Grad Student Ziegler Compares Gulf and East Coast Ecosystems for Predicting Saltmarsh Food Web Responses to Disturbances

Shelby counting Spartina alterniflora shoot density and measuring shoot heights during a marsh habitat survey. (Photo credit: Lauren Clance)

Shelby counting Spartina alterniflora shoot density and measuring shoot heights during a marsh habitat survey. (Photo credit: Lauren Clance)

Shelby sets a fyke net while the marsh is flooded to capture fishes and crustaceans as the tide recedes. (Photo credit: Mary Lide Parker, UNC Research)

Shelby sets a fyke net while the marsh is flooded to capture fishes and crustaceans as the tide recedes. (Photo credit: Mary Lide Parker, UNC Research)

Shelby prepares a gill net, which are used to capture transient fishes that use the marsh to forage. (Photo credit: Mary Lide Parker, UNC Research)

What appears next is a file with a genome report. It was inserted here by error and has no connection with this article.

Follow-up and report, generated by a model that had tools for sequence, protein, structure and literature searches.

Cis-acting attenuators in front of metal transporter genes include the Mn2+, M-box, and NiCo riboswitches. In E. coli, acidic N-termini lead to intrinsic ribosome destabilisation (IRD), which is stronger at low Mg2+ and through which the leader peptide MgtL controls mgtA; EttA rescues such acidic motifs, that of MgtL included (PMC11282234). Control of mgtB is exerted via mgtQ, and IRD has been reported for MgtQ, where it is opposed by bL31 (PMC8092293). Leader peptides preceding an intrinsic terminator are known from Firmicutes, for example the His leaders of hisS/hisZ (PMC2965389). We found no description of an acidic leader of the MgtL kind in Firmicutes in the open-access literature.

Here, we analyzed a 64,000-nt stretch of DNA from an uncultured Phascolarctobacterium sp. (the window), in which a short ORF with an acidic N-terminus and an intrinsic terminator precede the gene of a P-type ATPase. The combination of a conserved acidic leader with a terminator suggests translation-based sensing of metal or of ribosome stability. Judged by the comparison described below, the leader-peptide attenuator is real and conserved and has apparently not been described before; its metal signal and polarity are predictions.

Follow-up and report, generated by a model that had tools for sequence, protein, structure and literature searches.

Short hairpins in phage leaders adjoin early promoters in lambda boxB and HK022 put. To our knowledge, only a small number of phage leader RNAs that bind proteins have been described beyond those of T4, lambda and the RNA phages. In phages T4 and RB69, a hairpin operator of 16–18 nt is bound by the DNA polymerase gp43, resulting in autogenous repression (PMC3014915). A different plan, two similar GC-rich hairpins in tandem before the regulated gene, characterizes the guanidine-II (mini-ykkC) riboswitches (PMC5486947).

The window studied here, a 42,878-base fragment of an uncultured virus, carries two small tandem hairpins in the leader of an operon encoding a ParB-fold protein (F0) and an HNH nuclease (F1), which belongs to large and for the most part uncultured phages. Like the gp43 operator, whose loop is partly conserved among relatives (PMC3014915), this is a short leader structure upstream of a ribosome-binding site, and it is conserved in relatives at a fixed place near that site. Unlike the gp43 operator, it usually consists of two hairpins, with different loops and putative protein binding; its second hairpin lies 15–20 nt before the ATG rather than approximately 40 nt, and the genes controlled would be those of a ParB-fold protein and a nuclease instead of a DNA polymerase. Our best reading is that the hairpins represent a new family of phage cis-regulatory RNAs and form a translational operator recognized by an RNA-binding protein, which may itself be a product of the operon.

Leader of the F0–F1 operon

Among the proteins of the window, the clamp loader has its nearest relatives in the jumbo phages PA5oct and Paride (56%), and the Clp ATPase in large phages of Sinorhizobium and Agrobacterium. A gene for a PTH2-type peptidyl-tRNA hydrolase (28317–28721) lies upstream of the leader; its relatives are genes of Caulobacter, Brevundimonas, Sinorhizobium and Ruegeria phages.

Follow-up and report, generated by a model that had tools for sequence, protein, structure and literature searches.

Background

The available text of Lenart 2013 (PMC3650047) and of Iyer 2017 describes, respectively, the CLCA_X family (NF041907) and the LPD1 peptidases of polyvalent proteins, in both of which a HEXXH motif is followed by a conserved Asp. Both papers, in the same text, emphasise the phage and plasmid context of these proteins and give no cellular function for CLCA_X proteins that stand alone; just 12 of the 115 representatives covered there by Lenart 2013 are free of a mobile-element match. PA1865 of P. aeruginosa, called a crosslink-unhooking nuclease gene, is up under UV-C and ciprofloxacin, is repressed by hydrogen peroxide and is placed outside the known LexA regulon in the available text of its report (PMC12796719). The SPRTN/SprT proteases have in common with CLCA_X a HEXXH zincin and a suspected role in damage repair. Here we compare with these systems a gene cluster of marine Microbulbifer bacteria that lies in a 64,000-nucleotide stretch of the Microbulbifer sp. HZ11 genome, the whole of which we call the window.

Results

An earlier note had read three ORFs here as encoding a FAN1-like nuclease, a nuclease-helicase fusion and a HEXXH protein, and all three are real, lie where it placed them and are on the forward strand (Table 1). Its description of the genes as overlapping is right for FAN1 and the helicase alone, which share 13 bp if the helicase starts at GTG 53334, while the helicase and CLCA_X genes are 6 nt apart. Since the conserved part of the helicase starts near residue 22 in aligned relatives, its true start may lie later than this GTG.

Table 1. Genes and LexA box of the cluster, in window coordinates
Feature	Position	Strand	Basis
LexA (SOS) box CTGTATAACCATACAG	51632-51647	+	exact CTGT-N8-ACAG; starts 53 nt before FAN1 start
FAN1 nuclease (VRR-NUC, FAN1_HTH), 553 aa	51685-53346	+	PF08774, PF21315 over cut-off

Shelby prepares a gill net, which are used to capture transient fishes that use the marsh to forage. (Photo credit: Mary Lide Parker, UNC Research)

Shelby sets a gill net at dusk along the marsh edge. (Photo credit: Mary Lide Parker, UNC Research)

Shelby sets a gill net at dusk along the marsh edge. (Photo credit: Mary Lide Parker, UNC Research)

Research technician Lauren Clance prepares to set minnow traps in the marsh. Shelby and her colleagues use minnow traps to capture smaller organisms, such as killifish, that directly utilize the marsh platform when the marsh is flooded. (Photo credit: Mary Lide Parker, UNC Research)

Research technician Lauren Clance prepares to set minnow traps in the marsh. Shelby and her colleagues use minnow traps to capture smaller organisms, such as killifish, that directly utilize the marsh platform when the marsh is flooded. (Photo credit: Mary Lide Parker, UNC Research)